Jewel: One of music’s most inspiring voices achieves physical and emotional fitness

One of mankind’s eternal gripes is that the wisdom we acquire throughout life is not fully realized within us until our golden years. And, most of us never have a chance to fully take advantage of the lessons we learn throughout our lifetimes.

Enter Jewel, the 42-year-old songstress whose 1995 debut album, Pieces of You, introduced us to a very young woman with a very old soul, full of life experiences that most of us––at any age––have only dreamed of. From her simple upbringing in Alaska to traveling the west coast performing in coffeehouses with little money to her name, Jewel’s story is one of success, failure, passion, faith, and an endless cavalcade of people who influenced her personally or artistically.

In the over 20 years since her debut multi-platinum album changed her life forever, Jewel has come to realize that success and money doesn’t necessarily end life’s challenges: if anything, it usually paves the way for new ones. While entertainers often feel the need to focus on their aesthetic traits, it’s the process of being emotionally prepared for life’s hills and valleys that she prioritizes above all else.

“I think emotional fitness is something we’re not incredibly educated on,” Jewel says. “It isn’t taught in schools. We don’t learn what it is to be human, and how to be satisfied, and how to make our brains work for us, and all the things that really are so essential to being alive. Math and sciences and those things are incredibly important, but it isn’t the whole picture.”

Clearly passionate about the topic at hand, she says, “If I were to ask, ‘What is Jewel’s happy ending,’ it’s that I’ve come to peace with the process. To me, that’s what happiness is. It’s not some state of bliss that you achieve, never to leave again. It’s how do you handle the truth in life every day without it knocking you off your center perpetually? How do you transmute pain into being exceptional instead of into being damaged, and being bitter, and being broken?”

Jewel certainly understands that physical wellbeing is a crucial element to staying beautiful, young and––most importantly of all––healthy. It’s that last reason that gave her the motivation to change her diet and lifestyle early in her career.

“There’s no shortcut,” she says. “I taught myself about nutrition, herbology, and fitness, and I gave myself a real, actual, meaningful education so that I could have meaningful, long-term health results. It hasn’t been motivated by, ‘Oh my god. I’m in the public eye. I have to look a certain way.’ It’s been motivated by, I want to live a long, healthy, happy life, and what do I need to learn to make sure I can provide that for myself? I don’t have any ideal of perfection that has to be maintained all the time. I’m the normal girl, and I’ll gain or lose five pounds in a week, just like anybody will.”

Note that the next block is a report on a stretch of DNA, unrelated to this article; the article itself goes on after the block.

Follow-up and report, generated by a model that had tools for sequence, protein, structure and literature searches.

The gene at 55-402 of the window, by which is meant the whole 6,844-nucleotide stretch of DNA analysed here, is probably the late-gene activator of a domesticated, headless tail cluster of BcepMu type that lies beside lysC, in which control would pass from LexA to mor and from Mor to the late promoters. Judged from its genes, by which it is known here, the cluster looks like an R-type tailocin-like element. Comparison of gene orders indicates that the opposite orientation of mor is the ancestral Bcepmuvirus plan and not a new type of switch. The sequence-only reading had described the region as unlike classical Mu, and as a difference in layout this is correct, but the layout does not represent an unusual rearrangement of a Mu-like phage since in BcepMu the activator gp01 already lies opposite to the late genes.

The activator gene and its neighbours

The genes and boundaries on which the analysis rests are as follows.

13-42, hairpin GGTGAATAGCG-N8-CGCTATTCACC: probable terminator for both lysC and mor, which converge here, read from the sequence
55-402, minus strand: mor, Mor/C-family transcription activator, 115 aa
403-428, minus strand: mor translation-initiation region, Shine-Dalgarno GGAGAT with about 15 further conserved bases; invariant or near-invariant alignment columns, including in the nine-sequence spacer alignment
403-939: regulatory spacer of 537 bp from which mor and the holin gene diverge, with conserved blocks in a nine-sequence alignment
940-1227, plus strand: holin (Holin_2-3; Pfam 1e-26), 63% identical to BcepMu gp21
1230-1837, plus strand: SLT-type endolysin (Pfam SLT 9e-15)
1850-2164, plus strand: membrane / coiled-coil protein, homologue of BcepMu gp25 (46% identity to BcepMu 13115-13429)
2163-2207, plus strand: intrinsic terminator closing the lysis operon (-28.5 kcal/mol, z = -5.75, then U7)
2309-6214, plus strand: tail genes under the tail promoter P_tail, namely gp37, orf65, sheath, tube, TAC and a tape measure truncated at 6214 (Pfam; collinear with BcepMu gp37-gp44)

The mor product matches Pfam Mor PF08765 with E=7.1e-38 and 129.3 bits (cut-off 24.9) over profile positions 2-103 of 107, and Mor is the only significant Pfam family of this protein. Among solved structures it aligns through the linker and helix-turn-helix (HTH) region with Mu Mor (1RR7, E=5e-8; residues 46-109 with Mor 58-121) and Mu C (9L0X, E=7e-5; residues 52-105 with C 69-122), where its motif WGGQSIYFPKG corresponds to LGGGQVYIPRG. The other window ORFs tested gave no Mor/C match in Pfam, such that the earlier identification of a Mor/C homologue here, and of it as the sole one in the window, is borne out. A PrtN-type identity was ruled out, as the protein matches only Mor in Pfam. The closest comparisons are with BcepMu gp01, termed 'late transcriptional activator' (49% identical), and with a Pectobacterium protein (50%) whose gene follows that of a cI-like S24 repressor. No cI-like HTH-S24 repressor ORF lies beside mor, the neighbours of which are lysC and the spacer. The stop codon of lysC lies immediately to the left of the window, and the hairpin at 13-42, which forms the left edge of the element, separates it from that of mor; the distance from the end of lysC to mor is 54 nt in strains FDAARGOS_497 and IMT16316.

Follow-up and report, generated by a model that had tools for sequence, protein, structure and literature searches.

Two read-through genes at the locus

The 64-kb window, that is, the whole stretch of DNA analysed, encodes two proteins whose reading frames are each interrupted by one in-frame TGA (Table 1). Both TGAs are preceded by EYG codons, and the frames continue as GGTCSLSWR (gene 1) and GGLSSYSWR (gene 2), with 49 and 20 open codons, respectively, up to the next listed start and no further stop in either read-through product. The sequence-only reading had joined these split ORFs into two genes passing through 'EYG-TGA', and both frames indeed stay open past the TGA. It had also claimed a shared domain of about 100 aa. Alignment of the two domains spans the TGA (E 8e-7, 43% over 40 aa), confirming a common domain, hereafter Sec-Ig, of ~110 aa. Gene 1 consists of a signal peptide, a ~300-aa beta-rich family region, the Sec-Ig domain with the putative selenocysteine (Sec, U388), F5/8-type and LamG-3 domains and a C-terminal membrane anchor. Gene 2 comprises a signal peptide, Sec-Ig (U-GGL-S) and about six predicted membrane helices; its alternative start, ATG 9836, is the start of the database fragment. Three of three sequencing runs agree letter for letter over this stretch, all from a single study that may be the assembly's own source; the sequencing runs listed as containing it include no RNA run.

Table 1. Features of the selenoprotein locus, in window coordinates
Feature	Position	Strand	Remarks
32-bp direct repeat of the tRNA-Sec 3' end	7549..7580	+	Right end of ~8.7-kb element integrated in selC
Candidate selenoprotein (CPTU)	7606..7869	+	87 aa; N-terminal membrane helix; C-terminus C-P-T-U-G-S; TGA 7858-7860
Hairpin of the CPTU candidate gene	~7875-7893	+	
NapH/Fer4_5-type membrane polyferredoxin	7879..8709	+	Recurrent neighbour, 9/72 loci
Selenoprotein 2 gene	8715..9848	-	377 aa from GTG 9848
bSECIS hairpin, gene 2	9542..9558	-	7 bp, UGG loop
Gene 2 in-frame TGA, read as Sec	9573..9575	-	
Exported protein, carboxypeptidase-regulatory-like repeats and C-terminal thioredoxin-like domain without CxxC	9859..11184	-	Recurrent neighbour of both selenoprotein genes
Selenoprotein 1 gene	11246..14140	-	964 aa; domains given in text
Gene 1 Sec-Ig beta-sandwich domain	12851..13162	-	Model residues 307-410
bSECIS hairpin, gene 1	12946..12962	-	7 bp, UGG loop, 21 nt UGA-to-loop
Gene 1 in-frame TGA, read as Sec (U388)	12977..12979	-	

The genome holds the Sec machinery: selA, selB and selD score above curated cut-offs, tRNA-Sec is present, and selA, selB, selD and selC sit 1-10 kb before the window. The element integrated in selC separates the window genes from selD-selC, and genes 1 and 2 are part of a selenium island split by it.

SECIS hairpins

Jewel has found it relatively easy to embrace her exercise routine, linking it back to her commitment to emotional wellness.

“We all know that getting a good workout creates endorphins and gives us an overall sense of wellbeing because it engages your biochemistry,” she explains. “If you want to have a healthier body, one of the best things you can do is invest in your emotional and mental health. It’s going to have an incredible impact on your overall sense of wellbeing, and there’s a lot of science out there to show the connections of stress and illness.”

“At the same time, stress affects your biochemistry. Learning to handle stress affects your physical health. Talk to any medical doctor, and they’ll tell you stress is one of the underlying causes of a lot of diseases. I know this firsthand, because I had unmitigated and prolonged stress a lot of my life, and it caused a lot of health issues.”

Still young at heart, mind, body, and soul, Jewel’s mission has always been to share her thoughts and feelings with her fans through her lyrics, which has now led her to divulge in even greater detail. Her long-awaited memoir, Never Broken, was a huge hit upon its release in 2015, spawning an idea for something even grander––

“My effort with the website is to give people a place to get an emotional education,” she explains. “The reason the subtitle for my website is ‘Make happiness a habit’ is because there really is an aspect of learning how to train your brain, and make it work for you, instead of letting it hijack you constantly. That is a part of us, and it’s a learnable skill.”

Jewel strongly believe that expanding one’s horizons is just as important as maintaining their current ones. By dabbling in acting, poetry and other creative outlets, she’s always made a point to grow, an effort that paid dividends in September when her hilarious segment on Comedy Central’s Roast of Rob Lowe became the unexpected talk of the show.

“I think it’s really important to put yourself in uncomfortable situations as much as possible,” she says. “ You never get to expand and grow if you don’t push yourself beyond your comfort level. My life has been about that. You build actual, real self-esteem from the inside out when you give yourself an opportunity to rise to a challenge. It’s scary, and it’s frightening, but when you prove things to yourself, your self-esteem and your confidence is built in a good, healthy way, versus from an external source. I really like challenges. It doesn’t always mean I win every time. It really isn’t honestly about that. It’s how hard did I try? Did I put myself out there? Did I take the risk?”